Thursday, February 02, 2006

Data alignment

Data alignment is (very?) important; or at least is very important to be aware of it when you write your code.
Consider this:
struct Broadcast
char timezone; // 1 byte data
int frequency; // 4 byte data
short timeofday; // 2 byte data

applying the sizeof operator on the Broadcast (sizeof can be applied to a class) the result is 12 on a 32 bit operating system.
this is because compilers usually round up a data structure's size to make it divisible by 2, 4, or 8—depending on the hardware's memory alignment requirements.

Most CPUs require that objects and variables reside at particular offsets in the system's memory. For example, 32-bit processors require a 4-byte integer to reside at a memory address that is evenly divisible by 4. This requirement is called "memory alignment". Thus, a 4-byte int can be located at memory address 0x2000 or 0x2004, but not at 0x2001. On most Unix systems, an attempt to use misaligned data results in a bus error, which terminates the program altogether. On Intel processors, the use of misaligned data is supported but at a substantial performance penalty.

Secondly, compilers insert padding bytes between data members to ensure that each member's address is properly aligned. The problem is that when members are declared in a random order, the compiler may need to insert more padding bytes between them, thereby inflating the data structure's size.

The padding which compiler is doing is because each data type must be in memory at memory addressed which are divisible by their own size.
for example:
an int object should be always at a 4 divisible memory address
a short object should be always at a 2 divisible memory address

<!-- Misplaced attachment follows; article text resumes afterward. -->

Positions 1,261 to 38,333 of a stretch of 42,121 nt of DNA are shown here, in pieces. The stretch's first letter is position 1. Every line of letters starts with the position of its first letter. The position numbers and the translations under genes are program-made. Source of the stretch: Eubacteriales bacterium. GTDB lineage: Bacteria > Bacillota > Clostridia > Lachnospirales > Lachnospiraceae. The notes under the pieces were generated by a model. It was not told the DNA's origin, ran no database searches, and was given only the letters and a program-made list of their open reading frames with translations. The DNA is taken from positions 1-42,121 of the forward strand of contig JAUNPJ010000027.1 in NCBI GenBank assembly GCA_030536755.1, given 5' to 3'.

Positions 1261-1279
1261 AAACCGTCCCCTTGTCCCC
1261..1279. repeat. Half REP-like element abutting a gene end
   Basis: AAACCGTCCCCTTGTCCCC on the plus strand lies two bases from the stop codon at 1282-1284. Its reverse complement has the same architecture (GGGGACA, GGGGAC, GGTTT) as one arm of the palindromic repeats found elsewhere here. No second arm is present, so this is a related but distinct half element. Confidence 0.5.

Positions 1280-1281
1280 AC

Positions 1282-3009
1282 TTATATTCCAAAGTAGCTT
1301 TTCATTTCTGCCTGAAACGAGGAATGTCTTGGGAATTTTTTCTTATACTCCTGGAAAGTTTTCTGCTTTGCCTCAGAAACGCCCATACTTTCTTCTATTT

an double object should be always at a 8 divisible memory address

Hence Broadcast after compilation will be like this:
struct Broadcast
char timezone; // 4 byte data (padded with 3 bytes)
int frequency; // 4 byte data
short timeofday; // 4 byte data (padded with 2 bytes)

without padding the data looks like this:
0 1 5 7 8 12
1 1111 11 1 1111 1 1

this is taken from this:

also look here

you can think that even if you try to arrange in this optimized way the structures, the processor might take some time for example for this:
char timezone; // 1 byte data //gets 1 padding byte
short timeofday; // 2 byte data -> these 2 will get into 4 byte memory location
int frequency; // 4 byte data

which is properly aligned (each member is on a good memory boundary)
you can think that, on a 32 bit processor for example, reading the short variable within the 4 byte address( the 4 byte memory location will contain the char, a padding byte and the 2 bytes from short ) might take some time, but it doesnt.
the main point of this alignament is this: the goal is to have a structure where member data does not get bad aligned:
when a variable value needs to be read, the CPU should not be forced (due to bad alignament) to read the value from 2 memory locations (on the 32 bit CPU).
for example, if an int (4bytes) variable is not on a memory address divisible by 4, this means that the variable 'stay' in 2 memory addresses.
the CPU in this case needs to fetch 2 memory addresses, extract the parts from each other and concatenate them in order to get the value.

the compiler by default (if you dont change the default #pragma) will try to aligned the structs on a 2, 4 or 8 respectively boundary in order to avoid the CPU to get into the above described overhead; what it does not do is to arrange for you the structs members such that to take less size (which you should do).

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